For those living with disabilities, navigating Kathmandu is nightmareWhenever Suresh Rajbhandari passes by in his neighbourhood, everyone greets him. A few ask him if he needs help, but he refuses, comfortably tapping his way around with a white cane.
Whenever Suresh Rajbhandari passes by in his neighbourhood, everyone greets him. A few ask him if he needs help, but he refuses, comfortably tapping his way around with a white cane.
Rajbhandari, 54, has been blind since the age of two when complications during a bout of typhoid led to his loss of sight. He has no trouble navigating the places that are familiar to him-like his alleyway and the neighbourhood around his home. “I know this alley and it knows me,” says Rajbhandari. “But so many other places are difficult to get around.”
For people with physical disabilities like Rajbhandari, navigating Kathmandu can be a nightmare. There are over 17,000 persons with disabilities living in Kathmandu, according to the 2011 census. Among them, about 22 percent are blind, 35 percent cannot walk and 25 percent have trouble with speech and hearing. But there are few provisions and infrastructures to assist them in getting around the Valley.
Tactile paving—a textured surface on pavements meant to assist the visually impaired—was only introduced two years ago, and is only available on around 15 kilometres of Kathmandu’s total pavements. Even in places where tactile paving is available, it often ends abruptly, abandoning those using it in the middle of streets. Some pavements lead to poles, others to trees. Parked bikes and scooters and roadside vendors often obscure the few places where they do exist.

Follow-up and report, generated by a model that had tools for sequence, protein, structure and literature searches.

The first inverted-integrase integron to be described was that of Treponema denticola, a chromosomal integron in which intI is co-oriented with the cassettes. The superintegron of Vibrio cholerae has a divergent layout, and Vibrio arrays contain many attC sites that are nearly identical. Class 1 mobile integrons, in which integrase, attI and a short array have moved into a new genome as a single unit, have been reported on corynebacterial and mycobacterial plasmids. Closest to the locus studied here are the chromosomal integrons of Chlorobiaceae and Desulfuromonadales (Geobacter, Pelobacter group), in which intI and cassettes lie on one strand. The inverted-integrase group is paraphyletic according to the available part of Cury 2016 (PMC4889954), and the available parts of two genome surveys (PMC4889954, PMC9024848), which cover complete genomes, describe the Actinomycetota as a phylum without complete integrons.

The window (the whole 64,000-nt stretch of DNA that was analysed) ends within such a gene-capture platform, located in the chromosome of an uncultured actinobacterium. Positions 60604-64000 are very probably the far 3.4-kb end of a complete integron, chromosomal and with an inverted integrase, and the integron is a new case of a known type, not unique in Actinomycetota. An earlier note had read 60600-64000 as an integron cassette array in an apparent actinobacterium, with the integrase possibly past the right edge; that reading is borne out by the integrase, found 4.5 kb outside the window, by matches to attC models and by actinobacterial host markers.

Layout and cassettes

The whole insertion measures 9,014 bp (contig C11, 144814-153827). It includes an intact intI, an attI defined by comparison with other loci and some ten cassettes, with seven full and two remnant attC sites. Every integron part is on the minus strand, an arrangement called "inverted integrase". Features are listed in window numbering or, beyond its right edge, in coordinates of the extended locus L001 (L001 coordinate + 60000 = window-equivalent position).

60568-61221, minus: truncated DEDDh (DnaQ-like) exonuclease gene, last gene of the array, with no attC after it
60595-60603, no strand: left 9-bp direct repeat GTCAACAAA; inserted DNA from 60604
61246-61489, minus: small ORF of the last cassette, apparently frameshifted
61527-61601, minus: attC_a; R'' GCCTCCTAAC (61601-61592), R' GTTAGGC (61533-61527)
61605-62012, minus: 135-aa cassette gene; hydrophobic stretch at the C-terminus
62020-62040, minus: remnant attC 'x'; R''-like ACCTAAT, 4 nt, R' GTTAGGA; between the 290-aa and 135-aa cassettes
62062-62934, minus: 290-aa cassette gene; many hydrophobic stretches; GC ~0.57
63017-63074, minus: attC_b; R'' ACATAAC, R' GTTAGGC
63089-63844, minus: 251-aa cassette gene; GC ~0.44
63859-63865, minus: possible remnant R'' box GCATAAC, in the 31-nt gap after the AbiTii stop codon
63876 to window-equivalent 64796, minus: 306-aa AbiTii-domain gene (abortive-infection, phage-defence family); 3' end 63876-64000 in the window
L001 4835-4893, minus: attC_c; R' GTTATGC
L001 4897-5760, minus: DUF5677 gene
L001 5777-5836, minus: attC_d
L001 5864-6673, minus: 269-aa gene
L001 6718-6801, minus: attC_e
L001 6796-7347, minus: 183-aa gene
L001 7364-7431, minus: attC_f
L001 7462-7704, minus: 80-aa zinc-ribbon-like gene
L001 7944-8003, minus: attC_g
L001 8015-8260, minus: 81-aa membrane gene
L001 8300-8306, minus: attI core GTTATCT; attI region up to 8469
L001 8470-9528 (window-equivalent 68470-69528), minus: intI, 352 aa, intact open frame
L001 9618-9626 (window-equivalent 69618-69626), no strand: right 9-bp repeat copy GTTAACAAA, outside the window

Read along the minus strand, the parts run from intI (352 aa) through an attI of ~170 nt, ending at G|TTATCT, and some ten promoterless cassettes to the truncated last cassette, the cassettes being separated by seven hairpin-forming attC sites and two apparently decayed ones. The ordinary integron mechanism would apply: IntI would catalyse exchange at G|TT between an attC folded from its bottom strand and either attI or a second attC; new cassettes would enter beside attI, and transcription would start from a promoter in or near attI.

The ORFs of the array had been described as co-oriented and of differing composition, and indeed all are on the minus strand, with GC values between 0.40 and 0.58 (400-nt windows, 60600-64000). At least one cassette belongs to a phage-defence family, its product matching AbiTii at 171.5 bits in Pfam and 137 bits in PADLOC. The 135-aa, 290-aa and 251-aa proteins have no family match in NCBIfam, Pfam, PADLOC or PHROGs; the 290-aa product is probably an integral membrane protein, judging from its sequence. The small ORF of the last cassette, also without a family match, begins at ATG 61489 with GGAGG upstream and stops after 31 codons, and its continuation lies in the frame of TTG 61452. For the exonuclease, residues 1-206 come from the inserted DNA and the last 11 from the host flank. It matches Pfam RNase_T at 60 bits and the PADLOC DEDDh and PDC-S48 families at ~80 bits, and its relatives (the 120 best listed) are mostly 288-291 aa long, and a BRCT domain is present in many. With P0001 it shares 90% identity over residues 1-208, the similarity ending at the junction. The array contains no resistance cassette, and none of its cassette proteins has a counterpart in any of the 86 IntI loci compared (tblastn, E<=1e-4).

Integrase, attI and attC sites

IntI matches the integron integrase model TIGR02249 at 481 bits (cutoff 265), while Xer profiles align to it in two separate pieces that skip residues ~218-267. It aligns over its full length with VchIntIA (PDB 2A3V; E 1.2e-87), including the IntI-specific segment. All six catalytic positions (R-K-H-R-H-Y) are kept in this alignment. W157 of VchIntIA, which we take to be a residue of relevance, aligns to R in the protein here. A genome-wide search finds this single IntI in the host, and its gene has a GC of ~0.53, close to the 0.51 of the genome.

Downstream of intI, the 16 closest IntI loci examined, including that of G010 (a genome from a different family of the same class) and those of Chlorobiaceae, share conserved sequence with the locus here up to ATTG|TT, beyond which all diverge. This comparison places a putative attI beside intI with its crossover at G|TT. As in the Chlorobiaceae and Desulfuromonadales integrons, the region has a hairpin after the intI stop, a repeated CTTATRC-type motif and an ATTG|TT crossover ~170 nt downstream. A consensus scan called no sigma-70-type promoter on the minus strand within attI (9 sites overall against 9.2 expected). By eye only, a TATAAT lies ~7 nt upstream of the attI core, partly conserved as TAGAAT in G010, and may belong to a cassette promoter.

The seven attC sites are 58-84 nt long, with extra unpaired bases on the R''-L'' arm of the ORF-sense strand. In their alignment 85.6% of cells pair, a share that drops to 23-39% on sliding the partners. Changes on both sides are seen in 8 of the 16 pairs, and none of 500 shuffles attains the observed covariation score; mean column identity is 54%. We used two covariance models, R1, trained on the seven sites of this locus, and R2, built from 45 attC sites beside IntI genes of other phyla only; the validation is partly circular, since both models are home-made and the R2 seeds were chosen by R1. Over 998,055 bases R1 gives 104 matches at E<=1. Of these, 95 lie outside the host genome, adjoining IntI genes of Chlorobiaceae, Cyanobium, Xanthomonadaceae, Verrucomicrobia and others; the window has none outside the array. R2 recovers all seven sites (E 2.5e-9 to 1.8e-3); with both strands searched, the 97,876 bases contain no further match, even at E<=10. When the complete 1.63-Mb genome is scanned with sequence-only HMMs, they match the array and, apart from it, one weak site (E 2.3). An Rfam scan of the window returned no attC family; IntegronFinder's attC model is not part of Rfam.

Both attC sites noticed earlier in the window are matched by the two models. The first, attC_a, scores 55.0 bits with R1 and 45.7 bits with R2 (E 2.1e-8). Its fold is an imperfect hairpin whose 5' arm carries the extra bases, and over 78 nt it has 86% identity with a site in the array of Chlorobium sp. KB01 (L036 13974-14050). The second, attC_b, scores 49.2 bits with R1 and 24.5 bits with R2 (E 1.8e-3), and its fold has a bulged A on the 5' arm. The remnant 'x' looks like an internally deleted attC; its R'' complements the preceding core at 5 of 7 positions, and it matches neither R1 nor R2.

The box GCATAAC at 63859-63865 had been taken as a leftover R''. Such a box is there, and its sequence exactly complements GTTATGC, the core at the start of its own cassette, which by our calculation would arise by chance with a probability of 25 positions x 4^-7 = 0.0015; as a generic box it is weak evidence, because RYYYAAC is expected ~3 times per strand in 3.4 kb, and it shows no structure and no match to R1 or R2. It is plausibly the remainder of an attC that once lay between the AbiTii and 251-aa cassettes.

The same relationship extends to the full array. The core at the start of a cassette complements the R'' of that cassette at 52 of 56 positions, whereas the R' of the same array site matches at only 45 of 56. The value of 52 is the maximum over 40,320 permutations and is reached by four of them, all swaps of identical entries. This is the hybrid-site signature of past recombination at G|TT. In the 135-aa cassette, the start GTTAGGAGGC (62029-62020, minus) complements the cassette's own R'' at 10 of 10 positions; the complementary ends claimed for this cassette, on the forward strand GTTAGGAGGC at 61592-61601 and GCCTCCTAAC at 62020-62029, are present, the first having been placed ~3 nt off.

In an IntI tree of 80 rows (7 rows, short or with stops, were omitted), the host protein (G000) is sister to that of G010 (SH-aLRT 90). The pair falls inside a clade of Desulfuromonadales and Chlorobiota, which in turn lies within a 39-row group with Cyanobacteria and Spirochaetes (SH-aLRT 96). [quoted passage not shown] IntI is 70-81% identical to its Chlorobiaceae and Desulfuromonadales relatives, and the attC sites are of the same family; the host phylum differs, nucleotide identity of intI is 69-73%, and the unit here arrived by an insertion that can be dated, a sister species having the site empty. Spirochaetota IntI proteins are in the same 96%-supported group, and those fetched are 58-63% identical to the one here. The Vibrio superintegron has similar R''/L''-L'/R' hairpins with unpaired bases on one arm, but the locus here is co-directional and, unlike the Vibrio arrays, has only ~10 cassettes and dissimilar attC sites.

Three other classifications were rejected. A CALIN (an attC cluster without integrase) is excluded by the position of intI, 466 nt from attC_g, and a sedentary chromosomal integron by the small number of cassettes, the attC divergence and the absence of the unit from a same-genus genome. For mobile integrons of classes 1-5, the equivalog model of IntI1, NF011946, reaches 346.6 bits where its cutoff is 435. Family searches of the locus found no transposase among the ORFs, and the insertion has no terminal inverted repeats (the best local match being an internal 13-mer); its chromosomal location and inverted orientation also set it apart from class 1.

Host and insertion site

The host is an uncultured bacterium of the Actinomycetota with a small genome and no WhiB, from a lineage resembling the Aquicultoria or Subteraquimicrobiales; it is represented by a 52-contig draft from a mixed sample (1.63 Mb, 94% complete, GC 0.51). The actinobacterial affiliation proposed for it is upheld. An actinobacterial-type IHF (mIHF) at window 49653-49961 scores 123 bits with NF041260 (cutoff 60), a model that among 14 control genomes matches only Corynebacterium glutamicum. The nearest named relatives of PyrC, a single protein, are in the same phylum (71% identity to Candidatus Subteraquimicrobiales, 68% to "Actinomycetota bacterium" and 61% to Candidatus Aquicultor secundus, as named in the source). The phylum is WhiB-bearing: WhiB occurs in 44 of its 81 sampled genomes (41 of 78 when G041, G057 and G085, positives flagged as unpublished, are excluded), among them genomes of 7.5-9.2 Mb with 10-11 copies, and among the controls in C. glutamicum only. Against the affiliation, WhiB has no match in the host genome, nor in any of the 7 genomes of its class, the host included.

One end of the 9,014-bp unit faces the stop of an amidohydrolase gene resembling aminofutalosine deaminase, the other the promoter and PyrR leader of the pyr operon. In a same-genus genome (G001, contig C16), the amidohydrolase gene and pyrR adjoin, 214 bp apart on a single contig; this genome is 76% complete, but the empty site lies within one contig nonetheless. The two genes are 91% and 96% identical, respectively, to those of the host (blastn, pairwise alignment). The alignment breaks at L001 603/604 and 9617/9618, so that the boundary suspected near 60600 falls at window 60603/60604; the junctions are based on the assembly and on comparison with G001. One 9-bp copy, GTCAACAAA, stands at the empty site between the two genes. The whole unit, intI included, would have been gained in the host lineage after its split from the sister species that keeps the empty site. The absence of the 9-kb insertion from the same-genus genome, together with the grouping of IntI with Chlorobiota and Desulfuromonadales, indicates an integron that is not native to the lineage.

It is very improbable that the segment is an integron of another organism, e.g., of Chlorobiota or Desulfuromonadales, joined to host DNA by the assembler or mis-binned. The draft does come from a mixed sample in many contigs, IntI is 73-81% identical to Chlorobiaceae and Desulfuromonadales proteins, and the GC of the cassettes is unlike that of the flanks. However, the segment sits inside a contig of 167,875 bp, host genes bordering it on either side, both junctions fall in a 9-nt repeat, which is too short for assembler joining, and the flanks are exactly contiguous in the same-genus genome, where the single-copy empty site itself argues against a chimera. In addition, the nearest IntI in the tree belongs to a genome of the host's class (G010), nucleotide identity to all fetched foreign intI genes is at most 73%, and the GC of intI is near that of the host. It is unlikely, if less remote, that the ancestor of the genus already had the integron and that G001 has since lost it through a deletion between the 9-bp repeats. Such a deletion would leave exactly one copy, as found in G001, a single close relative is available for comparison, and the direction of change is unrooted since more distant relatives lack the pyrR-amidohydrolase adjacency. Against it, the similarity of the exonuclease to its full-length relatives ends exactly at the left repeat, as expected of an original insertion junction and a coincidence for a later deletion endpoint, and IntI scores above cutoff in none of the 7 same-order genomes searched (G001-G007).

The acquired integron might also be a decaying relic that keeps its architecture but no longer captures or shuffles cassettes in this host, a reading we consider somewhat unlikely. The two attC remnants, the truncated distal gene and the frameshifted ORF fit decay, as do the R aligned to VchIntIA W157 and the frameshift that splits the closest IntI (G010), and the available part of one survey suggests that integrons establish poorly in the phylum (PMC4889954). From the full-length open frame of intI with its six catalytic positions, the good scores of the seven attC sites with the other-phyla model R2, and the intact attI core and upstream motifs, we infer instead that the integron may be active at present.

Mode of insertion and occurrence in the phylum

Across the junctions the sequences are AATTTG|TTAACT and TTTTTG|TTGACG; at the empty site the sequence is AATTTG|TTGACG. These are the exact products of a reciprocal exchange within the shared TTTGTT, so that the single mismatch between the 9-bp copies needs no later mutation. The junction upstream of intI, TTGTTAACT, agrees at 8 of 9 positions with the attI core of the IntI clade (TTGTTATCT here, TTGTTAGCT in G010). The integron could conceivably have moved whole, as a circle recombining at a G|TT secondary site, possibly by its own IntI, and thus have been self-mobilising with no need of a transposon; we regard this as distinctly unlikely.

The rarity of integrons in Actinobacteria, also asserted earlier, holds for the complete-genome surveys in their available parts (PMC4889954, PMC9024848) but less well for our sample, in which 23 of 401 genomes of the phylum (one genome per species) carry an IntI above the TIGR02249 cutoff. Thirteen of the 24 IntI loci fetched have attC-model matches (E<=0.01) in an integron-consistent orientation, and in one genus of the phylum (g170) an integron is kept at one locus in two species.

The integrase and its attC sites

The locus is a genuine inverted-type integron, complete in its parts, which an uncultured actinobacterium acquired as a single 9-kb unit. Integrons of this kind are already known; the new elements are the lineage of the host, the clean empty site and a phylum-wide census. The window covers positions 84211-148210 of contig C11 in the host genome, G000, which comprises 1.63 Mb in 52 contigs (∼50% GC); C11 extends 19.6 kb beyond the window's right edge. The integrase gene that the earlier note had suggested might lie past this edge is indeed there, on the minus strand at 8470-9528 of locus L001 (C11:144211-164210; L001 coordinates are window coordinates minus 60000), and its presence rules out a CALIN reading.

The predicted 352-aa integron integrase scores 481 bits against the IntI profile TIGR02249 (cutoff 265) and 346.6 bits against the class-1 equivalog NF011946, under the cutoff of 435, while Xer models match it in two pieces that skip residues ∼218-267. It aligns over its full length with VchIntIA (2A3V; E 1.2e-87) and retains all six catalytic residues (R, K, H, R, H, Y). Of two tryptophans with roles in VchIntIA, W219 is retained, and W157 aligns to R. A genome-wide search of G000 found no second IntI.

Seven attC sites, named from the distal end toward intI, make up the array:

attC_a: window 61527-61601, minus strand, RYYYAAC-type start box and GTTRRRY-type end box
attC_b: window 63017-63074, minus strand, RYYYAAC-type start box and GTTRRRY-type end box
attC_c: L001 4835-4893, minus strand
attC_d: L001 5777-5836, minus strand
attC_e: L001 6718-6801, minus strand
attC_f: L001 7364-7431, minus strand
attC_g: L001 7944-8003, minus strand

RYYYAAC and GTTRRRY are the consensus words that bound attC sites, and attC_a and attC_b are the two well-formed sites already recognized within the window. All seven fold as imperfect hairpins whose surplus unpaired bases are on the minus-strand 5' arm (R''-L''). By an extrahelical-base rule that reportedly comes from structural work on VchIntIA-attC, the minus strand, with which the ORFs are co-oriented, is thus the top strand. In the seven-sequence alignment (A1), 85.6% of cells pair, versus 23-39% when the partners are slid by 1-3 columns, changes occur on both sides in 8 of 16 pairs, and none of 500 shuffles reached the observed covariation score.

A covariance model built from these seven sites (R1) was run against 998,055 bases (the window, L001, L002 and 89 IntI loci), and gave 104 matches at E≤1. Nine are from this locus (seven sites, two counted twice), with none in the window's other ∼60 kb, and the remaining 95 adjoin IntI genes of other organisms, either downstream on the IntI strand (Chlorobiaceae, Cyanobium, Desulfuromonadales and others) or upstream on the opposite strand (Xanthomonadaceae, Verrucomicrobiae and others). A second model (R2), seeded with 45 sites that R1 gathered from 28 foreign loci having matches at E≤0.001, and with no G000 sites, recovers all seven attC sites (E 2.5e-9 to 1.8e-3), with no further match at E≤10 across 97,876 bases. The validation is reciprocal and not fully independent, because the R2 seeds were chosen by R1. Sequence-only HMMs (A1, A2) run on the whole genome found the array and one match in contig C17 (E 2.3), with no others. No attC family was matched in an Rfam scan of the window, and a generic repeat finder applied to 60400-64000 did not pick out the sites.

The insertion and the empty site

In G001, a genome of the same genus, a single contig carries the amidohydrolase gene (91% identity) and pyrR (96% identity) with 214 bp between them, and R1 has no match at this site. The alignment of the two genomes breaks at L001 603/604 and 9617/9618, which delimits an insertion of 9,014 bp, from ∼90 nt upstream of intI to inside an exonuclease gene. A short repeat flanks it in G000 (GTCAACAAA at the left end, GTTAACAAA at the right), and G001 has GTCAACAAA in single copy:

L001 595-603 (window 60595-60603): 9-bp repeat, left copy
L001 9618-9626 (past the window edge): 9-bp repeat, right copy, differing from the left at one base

“Many people are still not aware of the significance of paving,” Rajbhandari says.
Despite provisions in the 2017 Disability Rights Act that ensures equal access to physical infrastructure, even officials responsible for implementing them seem apathetic. In a brief interview with the Post, Kailash Shrestha, director general for the Kathmandu division of the Department of Roads, was seemingly unaware of the significance of tactile pavements. When the Post reporter explained what tactile pavements were, Shrestha said that the Department of Roads had no further plans to construct more of them, especially on the Ring Road where roads are currently being expanded and new sidewalks are being built. “That is China’s project, not ours,” he said. “It’s their responsibility to carry out the construction the way they want to.”
The pavements that exist were constructed by the Kathmandu Metropolitan City under the Kathmandu Sustainable Urban Transport Project, with aid from the Asian Development Bank. The project ended two years ago and there has been no further call from the KMC to build more pavements, said Suraj Shakya, the project manager.
The problem, however, does not end with paving. There are dozens of other obstacles those with disabilities face every single day. Crossing streets is a major problem for the blind and for those physically impaired. The lack of zebra crossings and traffic lights, along with the drivers who refuse to slow down for pedestrians, means people like Rajbhan-dari often have to rely on good samaritans for help.
It is at times like these that 29-year-old Yami Jhankri Magar misses her legs the most. Magar lost her limbs after an unsuccessful spinal tumour operation.
These days, waiting to cross the road at busy intersections is doubly difficult for her. She takes her wheelchair wherever she goes but it is not practical when travelling long distances. Public vehicles often frown on the extra space her wheelchair takes up and she cannot always afford to take taxis.